This award celebrates and recognises an individual between the ages of 18 and 30 who is at the beginning of their career. He or she will have shown commitment and action within ocean conservation. The winner of this award will have demonstrated promising leadership and vision on ocean issues, be it through campaigning and advocacy, the mainstream media, art forms, or educational programmes.
Nominees for this award must have this year shown hard work and determination in their commitment to ocean conservation with a demonstrable impact. They must be able to illustrate how they have shown leadership and implemented their ideas through either a voluntary or professional position.
The finalists are:
- Francesca Trotman – Love The Oceans
- Nicola Tsiolis – Sea Change Network
- Madeline St Clair Baker – Women in Ocean Science
- Juan Pardo & Silas Principe – University of Agder (UiA) and Norwegian Institute for Water Research (NIVA), Norway & University of São Paulo (USP), Brazil
Francesca Trotman – Love The Oceans
At 21 (now 27), Francesca Trotman founded Love the Oceans (LTO) and works tirelessly in Mozambique to establish an MPA. Trotman works with the best interest of the community and oceans at heart, creating a truly holistic approach to ocean sustainability. Covid-19 shut down LTO volunteer programmes, stalled research and community projects, yet Francesca persevered with her work. During this time, she aimed to grow LTO’s social media presence and promote sustainable practices, products and individual behaviour. Nhamussua produced an award-winning film that premiered in April about teaching village children about marine conservation, swimming and the ocean.
Nicola Tsiolis – Sea Change Network
Nicola Tsiolis, 18, founded Sea Change Network (SCN) which is an organisation that aims “to push for legislative changes to protect oceans in Australia, and to provide students across Victoria and beyond with the tools and skills needed to create their own student-led social justice and environmental groups”. Nicola is also a member of the World Oceans Day Youth Advisory Council, collaborating and learning with youth from around the world to create tangible change for our world’s ocean and people.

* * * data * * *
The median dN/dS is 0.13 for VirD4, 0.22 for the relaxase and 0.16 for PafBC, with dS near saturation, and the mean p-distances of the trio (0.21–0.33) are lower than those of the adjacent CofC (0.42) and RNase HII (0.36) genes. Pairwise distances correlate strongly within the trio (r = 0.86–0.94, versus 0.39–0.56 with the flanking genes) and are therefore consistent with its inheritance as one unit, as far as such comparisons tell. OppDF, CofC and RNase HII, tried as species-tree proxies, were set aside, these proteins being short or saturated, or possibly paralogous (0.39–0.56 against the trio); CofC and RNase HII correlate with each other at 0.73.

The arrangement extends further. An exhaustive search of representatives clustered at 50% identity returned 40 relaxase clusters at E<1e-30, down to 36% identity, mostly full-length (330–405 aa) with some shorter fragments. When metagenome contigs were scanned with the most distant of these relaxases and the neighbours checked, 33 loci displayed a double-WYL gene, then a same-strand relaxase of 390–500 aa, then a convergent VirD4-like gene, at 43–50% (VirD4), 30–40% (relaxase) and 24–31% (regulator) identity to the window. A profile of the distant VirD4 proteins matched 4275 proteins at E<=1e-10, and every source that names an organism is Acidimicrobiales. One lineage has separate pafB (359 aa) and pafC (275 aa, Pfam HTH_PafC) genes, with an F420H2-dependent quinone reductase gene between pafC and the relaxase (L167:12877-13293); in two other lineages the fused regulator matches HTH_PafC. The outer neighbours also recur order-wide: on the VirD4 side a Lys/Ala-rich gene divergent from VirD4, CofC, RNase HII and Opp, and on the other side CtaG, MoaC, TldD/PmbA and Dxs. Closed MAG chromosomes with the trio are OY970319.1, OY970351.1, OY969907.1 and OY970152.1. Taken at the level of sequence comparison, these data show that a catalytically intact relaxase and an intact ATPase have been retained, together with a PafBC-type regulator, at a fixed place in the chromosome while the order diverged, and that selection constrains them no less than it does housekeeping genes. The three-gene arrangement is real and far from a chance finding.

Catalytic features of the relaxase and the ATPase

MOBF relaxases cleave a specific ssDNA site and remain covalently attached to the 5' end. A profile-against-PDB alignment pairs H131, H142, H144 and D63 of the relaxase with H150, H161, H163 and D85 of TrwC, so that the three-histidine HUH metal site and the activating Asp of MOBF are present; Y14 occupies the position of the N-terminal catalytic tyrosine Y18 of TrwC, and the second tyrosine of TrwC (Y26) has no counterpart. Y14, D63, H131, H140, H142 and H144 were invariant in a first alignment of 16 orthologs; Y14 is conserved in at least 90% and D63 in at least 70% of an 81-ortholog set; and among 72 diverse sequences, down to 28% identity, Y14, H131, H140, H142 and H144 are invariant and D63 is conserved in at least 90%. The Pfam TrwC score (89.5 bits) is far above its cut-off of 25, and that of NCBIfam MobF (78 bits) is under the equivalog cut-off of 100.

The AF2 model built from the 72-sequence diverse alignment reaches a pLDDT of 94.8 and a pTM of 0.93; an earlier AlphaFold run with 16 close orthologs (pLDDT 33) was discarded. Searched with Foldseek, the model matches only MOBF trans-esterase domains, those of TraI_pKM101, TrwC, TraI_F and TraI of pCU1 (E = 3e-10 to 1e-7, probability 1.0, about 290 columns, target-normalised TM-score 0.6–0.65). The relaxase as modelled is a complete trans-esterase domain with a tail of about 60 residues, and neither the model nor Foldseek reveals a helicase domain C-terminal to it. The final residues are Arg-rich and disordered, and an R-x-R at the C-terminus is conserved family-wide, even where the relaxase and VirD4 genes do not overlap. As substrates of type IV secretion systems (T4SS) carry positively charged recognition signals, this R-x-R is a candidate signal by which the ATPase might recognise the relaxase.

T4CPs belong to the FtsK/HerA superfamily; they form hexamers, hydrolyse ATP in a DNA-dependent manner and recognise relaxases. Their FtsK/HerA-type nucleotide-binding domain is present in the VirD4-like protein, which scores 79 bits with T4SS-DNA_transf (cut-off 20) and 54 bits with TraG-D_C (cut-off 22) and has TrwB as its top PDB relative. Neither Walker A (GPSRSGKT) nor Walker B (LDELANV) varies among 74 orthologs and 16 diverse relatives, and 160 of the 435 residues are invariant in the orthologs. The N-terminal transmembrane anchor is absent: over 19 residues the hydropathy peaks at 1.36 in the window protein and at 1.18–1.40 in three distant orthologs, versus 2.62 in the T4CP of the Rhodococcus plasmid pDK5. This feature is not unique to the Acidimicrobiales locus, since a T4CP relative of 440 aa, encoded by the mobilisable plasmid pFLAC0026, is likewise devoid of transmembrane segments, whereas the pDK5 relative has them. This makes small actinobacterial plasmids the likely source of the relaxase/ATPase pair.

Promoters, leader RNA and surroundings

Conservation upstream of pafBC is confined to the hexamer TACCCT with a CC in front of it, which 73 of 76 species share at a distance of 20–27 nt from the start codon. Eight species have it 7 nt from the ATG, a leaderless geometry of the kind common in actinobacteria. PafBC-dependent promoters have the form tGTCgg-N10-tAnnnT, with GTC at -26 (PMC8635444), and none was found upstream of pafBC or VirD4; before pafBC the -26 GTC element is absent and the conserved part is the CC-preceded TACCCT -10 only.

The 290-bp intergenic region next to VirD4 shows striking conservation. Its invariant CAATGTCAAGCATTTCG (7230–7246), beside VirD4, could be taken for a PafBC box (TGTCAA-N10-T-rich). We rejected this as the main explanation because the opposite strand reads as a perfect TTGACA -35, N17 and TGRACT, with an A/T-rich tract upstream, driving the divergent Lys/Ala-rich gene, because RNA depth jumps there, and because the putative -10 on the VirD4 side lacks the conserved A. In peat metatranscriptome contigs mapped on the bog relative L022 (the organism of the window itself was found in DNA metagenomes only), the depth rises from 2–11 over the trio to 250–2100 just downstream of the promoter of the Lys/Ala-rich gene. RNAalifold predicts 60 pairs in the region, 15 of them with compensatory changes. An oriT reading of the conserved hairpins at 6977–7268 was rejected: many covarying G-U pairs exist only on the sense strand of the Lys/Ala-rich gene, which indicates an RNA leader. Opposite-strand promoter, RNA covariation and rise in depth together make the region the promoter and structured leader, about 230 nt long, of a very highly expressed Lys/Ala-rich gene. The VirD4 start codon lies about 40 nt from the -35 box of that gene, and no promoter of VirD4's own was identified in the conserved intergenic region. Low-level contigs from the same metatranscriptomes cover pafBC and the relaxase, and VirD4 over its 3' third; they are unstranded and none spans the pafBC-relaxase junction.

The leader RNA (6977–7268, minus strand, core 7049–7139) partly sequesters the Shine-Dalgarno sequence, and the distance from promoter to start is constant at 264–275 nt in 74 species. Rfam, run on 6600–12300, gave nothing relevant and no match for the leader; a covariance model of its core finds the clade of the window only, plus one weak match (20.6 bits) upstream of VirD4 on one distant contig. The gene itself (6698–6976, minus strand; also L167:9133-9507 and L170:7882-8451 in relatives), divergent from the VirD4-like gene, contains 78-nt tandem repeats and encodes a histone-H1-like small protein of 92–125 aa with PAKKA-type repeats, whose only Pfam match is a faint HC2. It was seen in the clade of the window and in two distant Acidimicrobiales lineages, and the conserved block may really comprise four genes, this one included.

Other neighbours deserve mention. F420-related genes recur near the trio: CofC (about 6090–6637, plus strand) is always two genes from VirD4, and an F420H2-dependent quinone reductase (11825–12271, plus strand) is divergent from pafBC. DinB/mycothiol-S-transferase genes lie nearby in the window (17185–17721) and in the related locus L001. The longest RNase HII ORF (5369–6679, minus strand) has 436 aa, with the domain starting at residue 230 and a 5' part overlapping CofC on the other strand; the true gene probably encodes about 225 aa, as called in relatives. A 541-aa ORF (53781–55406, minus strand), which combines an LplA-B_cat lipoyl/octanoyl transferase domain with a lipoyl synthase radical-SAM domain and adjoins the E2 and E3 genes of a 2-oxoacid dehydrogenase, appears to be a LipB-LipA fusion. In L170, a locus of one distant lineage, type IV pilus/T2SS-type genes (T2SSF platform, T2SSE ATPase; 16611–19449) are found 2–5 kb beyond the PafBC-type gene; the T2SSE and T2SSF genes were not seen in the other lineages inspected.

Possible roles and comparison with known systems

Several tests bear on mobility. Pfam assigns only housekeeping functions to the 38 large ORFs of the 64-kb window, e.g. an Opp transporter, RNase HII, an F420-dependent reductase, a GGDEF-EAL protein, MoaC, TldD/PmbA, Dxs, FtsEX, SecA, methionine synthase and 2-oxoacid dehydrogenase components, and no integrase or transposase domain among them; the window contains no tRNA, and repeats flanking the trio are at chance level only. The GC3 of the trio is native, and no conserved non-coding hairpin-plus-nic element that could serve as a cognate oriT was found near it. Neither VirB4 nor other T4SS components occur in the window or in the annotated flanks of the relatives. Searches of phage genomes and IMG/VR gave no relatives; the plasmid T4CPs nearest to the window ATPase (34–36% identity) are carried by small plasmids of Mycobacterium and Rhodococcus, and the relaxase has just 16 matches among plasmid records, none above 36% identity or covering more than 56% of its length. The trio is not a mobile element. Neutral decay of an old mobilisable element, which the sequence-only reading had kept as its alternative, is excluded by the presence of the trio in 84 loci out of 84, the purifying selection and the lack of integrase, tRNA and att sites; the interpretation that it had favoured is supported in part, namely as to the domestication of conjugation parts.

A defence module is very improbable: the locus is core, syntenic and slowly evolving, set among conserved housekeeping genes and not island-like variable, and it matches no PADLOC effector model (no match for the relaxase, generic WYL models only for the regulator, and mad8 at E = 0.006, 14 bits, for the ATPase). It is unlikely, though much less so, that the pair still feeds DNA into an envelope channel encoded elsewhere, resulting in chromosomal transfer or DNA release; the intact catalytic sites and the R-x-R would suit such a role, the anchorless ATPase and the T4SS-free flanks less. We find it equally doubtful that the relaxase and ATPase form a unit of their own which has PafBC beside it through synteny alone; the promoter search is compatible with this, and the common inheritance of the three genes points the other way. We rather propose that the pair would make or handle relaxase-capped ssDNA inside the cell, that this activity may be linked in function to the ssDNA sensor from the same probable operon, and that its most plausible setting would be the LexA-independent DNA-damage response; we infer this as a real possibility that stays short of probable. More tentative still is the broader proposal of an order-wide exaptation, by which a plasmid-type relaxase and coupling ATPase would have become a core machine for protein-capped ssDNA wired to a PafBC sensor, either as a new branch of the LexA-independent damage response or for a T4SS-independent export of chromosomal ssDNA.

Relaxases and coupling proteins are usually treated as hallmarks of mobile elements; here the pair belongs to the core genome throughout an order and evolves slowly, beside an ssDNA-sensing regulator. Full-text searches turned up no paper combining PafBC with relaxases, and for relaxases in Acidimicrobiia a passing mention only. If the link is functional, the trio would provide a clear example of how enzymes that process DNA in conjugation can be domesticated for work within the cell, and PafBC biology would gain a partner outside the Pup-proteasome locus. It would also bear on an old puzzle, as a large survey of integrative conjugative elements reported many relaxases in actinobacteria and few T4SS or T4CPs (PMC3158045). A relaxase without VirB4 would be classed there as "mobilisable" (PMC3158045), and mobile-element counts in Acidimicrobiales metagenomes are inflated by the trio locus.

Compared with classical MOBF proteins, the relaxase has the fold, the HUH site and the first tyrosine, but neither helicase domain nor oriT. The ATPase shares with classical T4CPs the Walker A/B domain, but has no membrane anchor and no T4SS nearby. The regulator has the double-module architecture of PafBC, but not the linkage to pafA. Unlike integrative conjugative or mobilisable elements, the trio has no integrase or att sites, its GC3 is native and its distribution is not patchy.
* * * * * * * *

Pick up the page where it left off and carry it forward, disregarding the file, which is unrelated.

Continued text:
Madeline St Clair Baker – Women in Ocean Science
In 2018, at just 22, Madeline St Clair Baker founded Women in Ocean Science (WOS), a non-profit marine science communication and female empowerment project, aiming to break down gender barriers within marine science. Conceptualised in the field during her master’s research, St Clair Baker wanted to highlight the intrinsic link between the need to protect the ocean alongside the need for a diverse, inclusive workforce of those working to protect it. At 24, Madeline now leads a voluntary team of 15 women in helping to close the gender gap through education, celebration and empowerment. In just two years, WOS has featured over 700 women, generated almost 150 blog articles with 140K pageviews, gained an Instagram following of 26K and Facebook group membership of almost 20K, has created a virtual book club and mentorship scheme. This September, Madeline has been working to tackle gender bias and discrimination against women within marine science workforce and learning environments by conducting the first large-scale sexual harassment survey, which received almost a thousand responses. This has allowed WOS to gage the prevalence of sexual harassment in marine science – and what deters women from reporting it. The report aims to be released in early 2021.
Juan Pardo & Silas Principe – University of Agder (UiA) and Norwegian Institute for Water Research (NIVA), Norway & University of São Paulo (USP), Brazil
PhD students worldwide have been facing significant academic and personal challenges since the coronavirus pandemic began. In the Perspective article, Moving forward with the academic path of marine graduate researchers during coronavirus pandemic, Juan, Silas and their colleagues Debra Ramon, Gabriel Stefanelli-Silva, Isa Elegbede and Luciana Lima, highlighted relevant short and long-term problems caused by the pandemic, provided feasible solutions, compiled the disperse information on opportunities to support marine graduate researchers and suggested online platforms to make the available information more accessible. It was the first attempt providing some support for early career researchers in the field of marine science. Additonally, one of the outcomes from the perspective was the Twitter account "Marine Graduate Opportunities", a platform to share opportunities for marine graduate researchers by using the hashtag #marineopps.
Return to the finalist page here.